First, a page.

F-35 avionics evolved - abstracted / modular avionics

Cockpit, radar, helmet-mounted display, and other avionics
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steve2267

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Unread post06 Oct 2017, 23:05

I start this thread not to discuss agile software development, which could certainly be a part of this topic, but to ask the following question:

Could the F-35 avionics system -- hardware + software, but especially software -- become the basis for a modular avionics system for future combat aircraft?

Before going further, I also must ask, does the US govt own the intellectual property to the F-35 avionics, especially the software? If not, if LM kept it (smart of them!), then this idea could become prohibitively expensive.

We have discussed how sensor fusion has become a foundational principle -- and a transformative power -- of 5th generation fighter aircraft, especially with regard to how it enhances the pilot's situational awareness. We have also discussed the networked nature of 5th generational fighter aircraft, and how the system-of-systems concept(s) are transforming warfare, not just aerial warfare.

If I take a step back and look at the F-35 from a broader systems perspective, I see the following elements of the F-35:
  1. airframe
  2. engine (or propulsion system)
  3. thermal management systems
  4. avionics (which can be further broken down as:)
    • hardware -- sensors, computer hardware, network hardware, receivers + transceivers
    • software

Avionics can be further broken down as
  1. flight critical (i.e. hardware + software required to fly the aircraft)
  2. sensors
  3. communications
  4. user interface (i.e. pilot HMDS etc)

Re-arranging these, one can look at an aircraft as:

aircraft = airframe & FC avionics (i.e. flight computers + sw) + propulsion + thermal mgmt + avionics + weapons (1)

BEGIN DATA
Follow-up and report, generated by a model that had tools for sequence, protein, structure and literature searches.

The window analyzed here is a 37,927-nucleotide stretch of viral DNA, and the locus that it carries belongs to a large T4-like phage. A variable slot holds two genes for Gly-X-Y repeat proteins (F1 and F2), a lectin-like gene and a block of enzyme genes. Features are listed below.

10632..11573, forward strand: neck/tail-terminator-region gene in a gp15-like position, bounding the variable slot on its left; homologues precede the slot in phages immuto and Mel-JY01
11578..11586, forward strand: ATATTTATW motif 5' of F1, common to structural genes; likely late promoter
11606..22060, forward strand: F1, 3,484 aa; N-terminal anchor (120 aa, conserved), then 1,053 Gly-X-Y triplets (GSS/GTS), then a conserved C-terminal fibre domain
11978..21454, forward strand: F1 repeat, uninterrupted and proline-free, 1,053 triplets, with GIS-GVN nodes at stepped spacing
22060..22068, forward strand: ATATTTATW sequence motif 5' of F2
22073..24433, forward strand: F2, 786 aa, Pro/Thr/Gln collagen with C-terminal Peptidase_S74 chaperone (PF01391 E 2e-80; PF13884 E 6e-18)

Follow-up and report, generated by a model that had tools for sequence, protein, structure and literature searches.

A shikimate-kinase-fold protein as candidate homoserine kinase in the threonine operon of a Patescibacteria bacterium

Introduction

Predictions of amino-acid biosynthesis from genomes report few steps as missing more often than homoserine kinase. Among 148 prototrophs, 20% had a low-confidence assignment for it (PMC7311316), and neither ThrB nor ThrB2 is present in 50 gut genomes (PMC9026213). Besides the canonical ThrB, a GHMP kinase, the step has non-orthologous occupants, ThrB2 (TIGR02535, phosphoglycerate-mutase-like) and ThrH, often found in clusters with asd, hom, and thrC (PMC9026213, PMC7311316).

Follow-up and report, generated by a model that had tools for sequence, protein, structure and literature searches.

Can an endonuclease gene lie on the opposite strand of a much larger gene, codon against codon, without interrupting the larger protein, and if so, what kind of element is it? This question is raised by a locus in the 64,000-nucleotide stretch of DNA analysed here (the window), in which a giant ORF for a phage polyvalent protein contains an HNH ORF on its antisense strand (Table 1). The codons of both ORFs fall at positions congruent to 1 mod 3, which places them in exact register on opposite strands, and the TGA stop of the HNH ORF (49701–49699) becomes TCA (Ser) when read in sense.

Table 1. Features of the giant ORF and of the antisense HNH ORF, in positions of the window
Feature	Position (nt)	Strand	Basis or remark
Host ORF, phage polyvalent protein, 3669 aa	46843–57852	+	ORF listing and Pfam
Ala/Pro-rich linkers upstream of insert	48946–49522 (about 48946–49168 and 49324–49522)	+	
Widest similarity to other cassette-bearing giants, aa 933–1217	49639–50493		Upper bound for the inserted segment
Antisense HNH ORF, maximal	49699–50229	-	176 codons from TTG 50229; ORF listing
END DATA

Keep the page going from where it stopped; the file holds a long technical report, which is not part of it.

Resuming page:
It seems to me that if approached properly, almost all the F-35 avionics could become the basis for the Air Force PCA, Navy FX-AA, and that could be a HUGE cost savings. If the future 3-stream engine (from P&W --or-- GE) is airframe plug-and-play compatible with the F135, I could see the PCA / FX-AA starting with an F135 or F135 GO 2, then upgrading to the new motor when it is available.

The aircraft manufacturer, then, has to design / build the airframe and integrate it with the avionics system, propulsion system, and weapons system, which could potentially all be GFE and developed on separate spiral or concurrent development tracks by the government. This is still an important task, and it leaves room for creating eye watering kinematic performance, but 5th generation concepts seem to be showing that kinematic performance is less important than it once was. The manufacturer also has to design the airframe and integrate those systems with a thermal management system to handle ever increasing power demands from both electronics as well as future directed energy weapons.